AMD's R464 embedded APU beats at the heart of Xi3's Piston, but can it fight off the faster PlayStation 4 and Valve's own Steam Box?
Xi3, the company behind what many had incorrectly taken to be Valve's Steam Box
, has officially opened pre-orders for its gaming-centric compact computer - but if you were hoping for something closer to the cost of a modern console, we've got some bad news.
The Xi3 Piston, as the Valve-approved device is known, is a variant of the company's existing Modular Computer design. Like the PlayStation 4 it will be going up against at launch, it is powered by an AMD accelerated processing unit (APU) - a 3.2GHz quad-core embedded variant of the A10 family known as the R464 - and a built-in graphics processor rated as a Radeon HD 7660G. It also includes 8GB of RAM as standard, matching the PS4 but using more traditional DDR3 rather than opting for GDDR5 throughout. The system is also provided with a 128GB solid-state drive as standard, with upgrade options offering 256GB or 512GB for those with the budget.
So far, the system sounds pretty tempting as a low-cost gaming rig - but there are a few caveats. The AMD R464 is part of the company's R-Series of embedded APUs, as evidenced by its low 35W TDP. As a result, it doesn't have the grunt of an A10-5700 or the like, and Xi3's claims of a 3.2GHz clock speed are disingenuous: the chip runs at 2.3GHz as standard, only hitting the advertised 3.2GHz speed when in Turbo Core mode. Using the FS1r2 socket type, it's also going to be near-impossible to upgrade in the future: at present, there are no retail sources for single FS1r2 chips in the UK - hardly surprising, given the socket type is largely reserved for laptops and embedded systems.
The biggest issue with the Xi3 Piston, however, is the price: the entry-level model, supplied with a 128GB SSD, costs $999.99 - although the company is currently offering $100 off as part of its launch promotion at the South by South West (SXSW) event. Upgrading to a 256GB SSD will increase the cost by $340, while maxing the system out with a 512GB model will bump the price up by a whopping $750. With Sony's PlayStation 4 - a next-generation console featuring a more powerful AMD APU variant and 8GB of GDDR5 memory - expected to launch at around the $400 mark, that's a considerable premium that only increases when you look to add a game pad or other control peripheral.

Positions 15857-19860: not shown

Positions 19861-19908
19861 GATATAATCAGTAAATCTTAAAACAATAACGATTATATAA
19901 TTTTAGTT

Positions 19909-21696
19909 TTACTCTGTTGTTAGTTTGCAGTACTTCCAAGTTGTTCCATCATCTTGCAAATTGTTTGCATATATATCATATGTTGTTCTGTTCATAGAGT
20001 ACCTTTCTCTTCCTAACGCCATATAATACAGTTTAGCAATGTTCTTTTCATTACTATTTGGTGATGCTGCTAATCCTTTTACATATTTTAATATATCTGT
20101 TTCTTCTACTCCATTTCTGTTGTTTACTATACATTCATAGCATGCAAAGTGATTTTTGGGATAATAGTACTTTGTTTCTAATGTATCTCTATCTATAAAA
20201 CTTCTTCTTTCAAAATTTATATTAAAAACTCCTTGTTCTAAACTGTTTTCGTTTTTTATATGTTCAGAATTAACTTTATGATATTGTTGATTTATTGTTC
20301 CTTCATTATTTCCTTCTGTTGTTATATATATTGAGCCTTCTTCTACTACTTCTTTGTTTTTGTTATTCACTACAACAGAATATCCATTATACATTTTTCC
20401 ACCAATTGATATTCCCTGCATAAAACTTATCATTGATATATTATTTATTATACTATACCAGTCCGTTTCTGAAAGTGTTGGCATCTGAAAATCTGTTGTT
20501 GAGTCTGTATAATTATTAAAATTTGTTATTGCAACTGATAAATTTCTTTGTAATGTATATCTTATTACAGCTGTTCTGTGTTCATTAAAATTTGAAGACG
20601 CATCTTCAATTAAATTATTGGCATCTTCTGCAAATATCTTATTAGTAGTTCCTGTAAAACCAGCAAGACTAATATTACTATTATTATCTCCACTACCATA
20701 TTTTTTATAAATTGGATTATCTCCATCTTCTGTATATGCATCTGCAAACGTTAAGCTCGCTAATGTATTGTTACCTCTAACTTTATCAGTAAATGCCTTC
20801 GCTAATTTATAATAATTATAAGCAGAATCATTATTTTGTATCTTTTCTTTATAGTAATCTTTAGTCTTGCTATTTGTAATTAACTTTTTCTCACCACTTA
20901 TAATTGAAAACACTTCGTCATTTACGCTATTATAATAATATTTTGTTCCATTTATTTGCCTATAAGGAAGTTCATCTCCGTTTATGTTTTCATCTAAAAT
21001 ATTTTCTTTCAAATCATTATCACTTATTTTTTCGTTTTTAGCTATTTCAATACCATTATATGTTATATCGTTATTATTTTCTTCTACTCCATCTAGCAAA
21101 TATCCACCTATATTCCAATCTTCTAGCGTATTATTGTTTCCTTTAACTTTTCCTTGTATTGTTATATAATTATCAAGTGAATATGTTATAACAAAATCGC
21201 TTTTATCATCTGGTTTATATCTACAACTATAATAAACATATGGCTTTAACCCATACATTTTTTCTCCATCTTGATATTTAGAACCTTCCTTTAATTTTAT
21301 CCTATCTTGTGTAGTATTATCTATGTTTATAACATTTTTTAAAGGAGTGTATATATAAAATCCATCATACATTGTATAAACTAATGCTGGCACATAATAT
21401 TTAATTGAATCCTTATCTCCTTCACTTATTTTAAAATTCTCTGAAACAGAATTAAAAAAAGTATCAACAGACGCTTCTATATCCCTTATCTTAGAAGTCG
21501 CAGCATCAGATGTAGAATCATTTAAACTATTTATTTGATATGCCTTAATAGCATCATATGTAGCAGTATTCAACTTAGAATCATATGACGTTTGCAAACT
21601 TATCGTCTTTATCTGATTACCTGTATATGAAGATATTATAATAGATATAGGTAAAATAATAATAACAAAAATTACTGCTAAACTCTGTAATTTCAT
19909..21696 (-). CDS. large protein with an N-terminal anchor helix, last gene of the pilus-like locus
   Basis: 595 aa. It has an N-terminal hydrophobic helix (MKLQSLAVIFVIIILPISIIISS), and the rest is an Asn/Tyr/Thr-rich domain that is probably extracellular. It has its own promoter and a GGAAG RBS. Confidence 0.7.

That said, the Piston is capable of things the PlayStation 4 can only dream about. Arriving pre-loaded with a custom user interface and a copy of Valve's Steam client in Big Picture mode, it offers a massive back-catalogue of titles. In normal PC mode, it can also run any other software you might desire - although those who still buy their software on shiny polycarbonate discs will need to splash out on an external optical drive, as the Piston - in common with all Xi3 Modular PC designs - doesn't include one as standard.
While pre-orders are being taken now, Xi3 has admitted that it won't be shipping any actual devices until closer to the end of the year - and even then, it's concentrating on the US market initially. With Sony expected to launch the PS4 at the same time, rumblings of a pre-Christmas launch for Microsoft's Xbox 720 and Valve's own Linux-based Steam Box due to drop early next year, Xi3 is going to have a fight on its hands to convince buyers as to the merits of its design.
If you're interested in picking up an Xi3 Piston, and you're either based in the US or don't mind the thought of considerable import charges, you can find the pre-order page on the official website